The Minnesota Timberwolves are getting a new coach—well, sort of. A source that wished to remain anonymous informed the Associated Press on September 10 that the current assistant coach, Sam Mitchell, is set to replace Flip Saunders as coach while he is undergoing cancer treatment.
Official confirmation has not yet been made by the Wolves, although Kyle Ratke, a writer, did post a photograph to Twitter, informing that a press release was scheduled in Minneapolis for September 11, where “a major announcement” would be made.
Sam Mitchell, 52, is a retired pro-basketball player who made his debut in the NBA with the Wolves, and also played 10 of his 13 successful seasons with them. Since last June, he had been serving as assistant coach to Saunders, who is now reportedly receiving chemotherapy and radiation for a “very treatable and curable” cancer known as Hodgkin’s lymphoma.
After ten seasons of coaching the Timberwolves, Saunders was fired in 2005, only to come back in 2013 as the president of basketball operations. He took over the haphazard roster from the former president, David Kahn, and set out to rehabilitate the team to its former status as a consistent playoff participant.
Soon after when head coach Rick Adelman retired the next season, Saunders named himself as the replacement, partly because All-Star Kevin Love’s uncertain relationship with the team was proving to be difficult to get a qualified coach. On the heels of that news, he traded Love to Cleveland for number one overall choice, Andrew Wiggins, who then won the NBA Rookie of the Year award.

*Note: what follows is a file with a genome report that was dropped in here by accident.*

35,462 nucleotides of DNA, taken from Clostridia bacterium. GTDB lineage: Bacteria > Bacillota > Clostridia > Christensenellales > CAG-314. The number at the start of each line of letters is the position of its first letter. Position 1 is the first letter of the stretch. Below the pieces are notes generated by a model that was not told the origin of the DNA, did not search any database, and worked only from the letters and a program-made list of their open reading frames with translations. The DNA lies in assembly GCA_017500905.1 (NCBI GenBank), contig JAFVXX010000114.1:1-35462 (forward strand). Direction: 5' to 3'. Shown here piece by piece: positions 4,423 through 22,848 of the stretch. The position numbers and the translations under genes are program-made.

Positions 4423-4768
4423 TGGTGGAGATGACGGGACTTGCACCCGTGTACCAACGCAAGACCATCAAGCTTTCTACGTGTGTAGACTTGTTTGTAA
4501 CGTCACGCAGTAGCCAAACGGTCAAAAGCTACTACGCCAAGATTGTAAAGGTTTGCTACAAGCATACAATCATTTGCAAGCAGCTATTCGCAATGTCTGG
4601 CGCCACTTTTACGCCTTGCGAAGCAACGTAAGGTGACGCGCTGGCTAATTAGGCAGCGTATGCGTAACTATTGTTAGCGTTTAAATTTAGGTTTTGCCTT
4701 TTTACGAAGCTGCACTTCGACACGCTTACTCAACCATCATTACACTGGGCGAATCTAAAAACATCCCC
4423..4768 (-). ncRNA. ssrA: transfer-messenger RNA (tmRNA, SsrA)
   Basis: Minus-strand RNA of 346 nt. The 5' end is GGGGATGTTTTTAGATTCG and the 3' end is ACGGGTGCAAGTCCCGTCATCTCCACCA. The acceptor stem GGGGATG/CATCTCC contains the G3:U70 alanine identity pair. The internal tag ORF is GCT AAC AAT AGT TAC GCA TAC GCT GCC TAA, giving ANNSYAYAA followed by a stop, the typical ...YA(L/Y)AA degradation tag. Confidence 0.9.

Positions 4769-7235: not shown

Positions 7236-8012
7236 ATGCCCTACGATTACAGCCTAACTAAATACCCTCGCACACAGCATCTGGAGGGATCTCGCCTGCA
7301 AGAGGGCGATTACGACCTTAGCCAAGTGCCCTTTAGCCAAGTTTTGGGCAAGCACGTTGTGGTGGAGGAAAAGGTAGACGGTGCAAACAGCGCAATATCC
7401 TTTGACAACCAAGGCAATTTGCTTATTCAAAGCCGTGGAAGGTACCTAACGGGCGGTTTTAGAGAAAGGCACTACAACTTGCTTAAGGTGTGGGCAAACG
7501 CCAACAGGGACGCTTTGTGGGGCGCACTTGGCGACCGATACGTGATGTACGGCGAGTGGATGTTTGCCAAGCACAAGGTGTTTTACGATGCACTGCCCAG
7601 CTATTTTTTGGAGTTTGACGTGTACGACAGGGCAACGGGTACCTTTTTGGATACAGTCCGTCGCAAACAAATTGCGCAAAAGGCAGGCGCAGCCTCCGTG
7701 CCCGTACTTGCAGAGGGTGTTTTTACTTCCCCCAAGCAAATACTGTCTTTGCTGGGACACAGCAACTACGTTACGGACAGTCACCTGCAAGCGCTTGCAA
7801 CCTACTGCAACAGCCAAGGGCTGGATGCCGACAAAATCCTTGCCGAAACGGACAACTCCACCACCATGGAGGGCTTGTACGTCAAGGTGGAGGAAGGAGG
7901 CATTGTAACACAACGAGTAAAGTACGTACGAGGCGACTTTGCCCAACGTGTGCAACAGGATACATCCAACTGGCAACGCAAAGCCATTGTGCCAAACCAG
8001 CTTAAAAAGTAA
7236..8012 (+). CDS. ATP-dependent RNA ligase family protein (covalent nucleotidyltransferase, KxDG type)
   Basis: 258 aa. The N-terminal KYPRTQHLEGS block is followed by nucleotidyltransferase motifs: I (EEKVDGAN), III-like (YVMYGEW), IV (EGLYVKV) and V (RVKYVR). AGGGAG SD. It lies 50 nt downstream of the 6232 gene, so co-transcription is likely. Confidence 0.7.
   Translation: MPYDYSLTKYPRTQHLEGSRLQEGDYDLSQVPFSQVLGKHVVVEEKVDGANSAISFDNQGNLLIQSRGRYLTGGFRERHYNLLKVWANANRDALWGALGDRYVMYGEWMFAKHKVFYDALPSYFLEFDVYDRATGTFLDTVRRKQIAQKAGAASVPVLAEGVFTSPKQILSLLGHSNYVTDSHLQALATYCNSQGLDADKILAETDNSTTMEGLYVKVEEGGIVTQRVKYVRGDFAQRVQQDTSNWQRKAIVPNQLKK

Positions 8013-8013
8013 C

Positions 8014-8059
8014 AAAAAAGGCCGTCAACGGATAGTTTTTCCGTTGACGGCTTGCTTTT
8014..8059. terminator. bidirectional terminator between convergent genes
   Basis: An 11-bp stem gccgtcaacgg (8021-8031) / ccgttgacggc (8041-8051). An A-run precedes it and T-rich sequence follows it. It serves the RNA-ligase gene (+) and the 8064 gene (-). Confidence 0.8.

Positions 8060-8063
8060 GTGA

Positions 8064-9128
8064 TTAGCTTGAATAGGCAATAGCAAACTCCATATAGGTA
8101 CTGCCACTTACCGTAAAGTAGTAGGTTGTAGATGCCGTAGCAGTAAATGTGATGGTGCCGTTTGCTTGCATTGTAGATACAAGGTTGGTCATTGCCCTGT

With three titles under his belt, Saunders is as powerful as any other NBA coach. However, this season will likely see the new interim coach, Sam Mitchell, attempting to fuse his play style with the philosophies and plans of Saunders. Mitchell was previously the coach of the Toronto Raptors, but got fired in 2008, despite winning NBA Coach of the Year in 2007. Two years after that, he did a stint for the New Jersey Nets as an assistant coach, along with some radio work before he was roped in by the Wolves.